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close this bookThe Self and the Other: Sustainability and Self-Empowerment (WB, 1996, 76 p.)
close this folderDevelopment and the self
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View the documentThe self and the other: A developmental framework
View the documentParenting and child development
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Parenting and child development

Henri Parens

As a psychoanalyst I feel privileged to be at this seminar with people from other disciplines who are asking questions that are relevant to psychoanalysis. I think we analysts have something to say that might be useful. I would like to discuss material covered in three publications I have co-authored: Aggression in Our Children: Coping with It Constructively; Prevention/Early Intervention Parent-Child Groups-Followed Study: Preliminary Report; and Parenting Education for Emotional Growth: A Curriculum for Students in Grades Kindergarten through Twelve.

One of the major problems we face is discovering ways to bridge what we find in the individual to what we find in society as a whole. I would like to link my comments to the remarks Mohamed Arkoun made earlier today.

The better an individual's self-adaptive functions are, the greater the chance that he or she will control his or her aggressive energies. If an individual can establish socially responsible relationships, he or she will be able to take charge of his or her destiny, be efficient, and adapt constructively to unpredictability. An ability to establish such relationships can be achieved most successfully by encouraging a child's optimum physical and emotional development. The best way to promote such development is to ensure a child receives the best parenting. Through formal educational training programs, child rearing can be significantly improved to promote growth. We do our parenting in a haphazard manner, and it is time that we recognized how complex an undertaking it is. In the past one hundred years psychoanalysts have learned a great deal about the basic emotional needs of children and what can promote or hinder their development.

Sexism weakens the vitality and cohesiveness of society -Susan G. Lazar

Through formal educational training programs, child rearing can be significantly improved to promote growth. We do our parenting in a haphazard manner; and it is time that we recognized how complex an undertaking it is - Henri Parens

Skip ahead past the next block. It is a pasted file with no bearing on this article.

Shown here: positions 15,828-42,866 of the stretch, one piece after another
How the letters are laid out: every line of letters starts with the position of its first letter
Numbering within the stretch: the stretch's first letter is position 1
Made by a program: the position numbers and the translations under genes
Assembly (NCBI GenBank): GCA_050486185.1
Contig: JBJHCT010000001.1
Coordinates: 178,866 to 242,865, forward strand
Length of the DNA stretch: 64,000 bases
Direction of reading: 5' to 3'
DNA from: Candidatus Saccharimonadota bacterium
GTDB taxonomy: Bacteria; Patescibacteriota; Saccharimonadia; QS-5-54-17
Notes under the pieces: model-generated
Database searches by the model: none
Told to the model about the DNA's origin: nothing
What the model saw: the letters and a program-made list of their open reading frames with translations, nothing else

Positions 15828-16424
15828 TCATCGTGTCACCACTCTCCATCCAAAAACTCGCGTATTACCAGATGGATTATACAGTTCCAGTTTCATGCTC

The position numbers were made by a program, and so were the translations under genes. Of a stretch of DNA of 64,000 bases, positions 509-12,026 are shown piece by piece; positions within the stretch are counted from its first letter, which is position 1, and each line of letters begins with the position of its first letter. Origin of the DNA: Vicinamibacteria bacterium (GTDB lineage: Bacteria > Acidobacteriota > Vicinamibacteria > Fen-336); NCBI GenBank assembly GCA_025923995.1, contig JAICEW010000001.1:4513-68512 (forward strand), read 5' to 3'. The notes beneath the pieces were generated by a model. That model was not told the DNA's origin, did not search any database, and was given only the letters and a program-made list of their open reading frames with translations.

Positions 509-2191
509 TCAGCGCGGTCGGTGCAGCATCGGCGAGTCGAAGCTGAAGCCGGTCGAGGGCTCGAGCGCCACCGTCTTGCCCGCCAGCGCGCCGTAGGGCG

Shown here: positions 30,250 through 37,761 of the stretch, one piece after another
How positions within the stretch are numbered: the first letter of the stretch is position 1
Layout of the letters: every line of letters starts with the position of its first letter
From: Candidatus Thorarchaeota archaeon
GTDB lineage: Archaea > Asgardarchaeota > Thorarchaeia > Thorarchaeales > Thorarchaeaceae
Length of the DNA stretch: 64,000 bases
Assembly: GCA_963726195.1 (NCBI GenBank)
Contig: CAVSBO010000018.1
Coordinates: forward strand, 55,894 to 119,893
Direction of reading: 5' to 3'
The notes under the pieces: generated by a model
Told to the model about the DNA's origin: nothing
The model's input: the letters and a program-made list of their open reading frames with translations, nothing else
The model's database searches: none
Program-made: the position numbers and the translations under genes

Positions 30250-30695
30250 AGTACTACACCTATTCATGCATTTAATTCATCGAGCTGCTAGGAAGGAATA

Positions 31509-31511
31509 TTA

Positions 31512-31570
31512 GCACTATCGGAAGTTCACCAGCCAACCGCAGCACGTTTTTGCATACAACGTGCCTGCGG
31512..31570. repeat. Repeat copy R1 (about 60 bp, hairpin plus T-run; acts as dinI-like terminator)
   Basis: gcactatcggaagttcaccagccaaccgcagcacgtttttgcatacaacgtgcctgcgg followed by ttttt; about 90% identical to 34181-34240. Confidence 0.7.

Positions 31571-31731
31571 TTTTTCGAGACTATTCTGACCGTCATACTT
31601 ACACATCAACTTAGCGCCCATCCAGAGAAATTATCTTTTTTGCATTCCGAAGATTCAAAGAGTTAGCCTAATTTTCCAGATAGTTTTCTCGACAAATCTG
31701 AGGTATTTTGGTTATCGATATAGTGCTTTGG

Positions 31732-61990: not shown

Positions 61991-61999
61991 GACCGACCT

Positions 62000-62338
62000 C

I was part of a team of mental health professionals who worked together for twenty years at the Medical College of Pennsylvania to develop parenting programs. These programs are based on theories as well as research and clinical work from psychoanalytic psychiatry and are aimed at preventing what I call experience-derived emotional disorders. Our work also focuses on preventing violence, using two methods we have developed: early intervention through parent-child groups and a curriculum for students from grades kindergarten through twelve, which includes a textbook and lesson plans.

In parenting education we do not dictate child rearing measures. If the parents comprehend their child's basic emotional needs, they will have a better understanding of the child's average, expectable, ageadequate capabilities. In addition they will be aware of the tasks of normal development that each child faces and has to master in the course of growing up. As a result parents will be better prepared to tailor their rearing strategies to the specific needs of their child at any given moment.

Our child rearing recommendations are based on principles of making the most of the child's development and inborn endowments. These recommendations are highly adaptive to parental preferences and philosophies. They apply to the rearing of all children, regardless of race, religion, or socioeconomic status.

Prevention/Early Intervention Parent - Child Groups Follow - up Study. Preliminary Report contains the findings of a nineteen-year study, which was conducted as follow-up to a 1970-77 parenting education project involving a parent-child group. During this period we saw children with their mothers in an educational group setting rather than a treatment setting from the time the children were born until they reached age four or five. The two-hour meetings took place twice a week.

Nineteen years after the project started, we collected data about the children and the mothers through mother and child questionnaires, interviews with the mothers and children, and the administration of the Fitzgibbons Anger Inventory to the children. We have broken down the results of the data to address questions such as: How frequently did our population get into trouble with the law? How much drug abuse was there? What was the rate of dropout from school? How many of the children went to college? How much pregnancy and parenthood was there?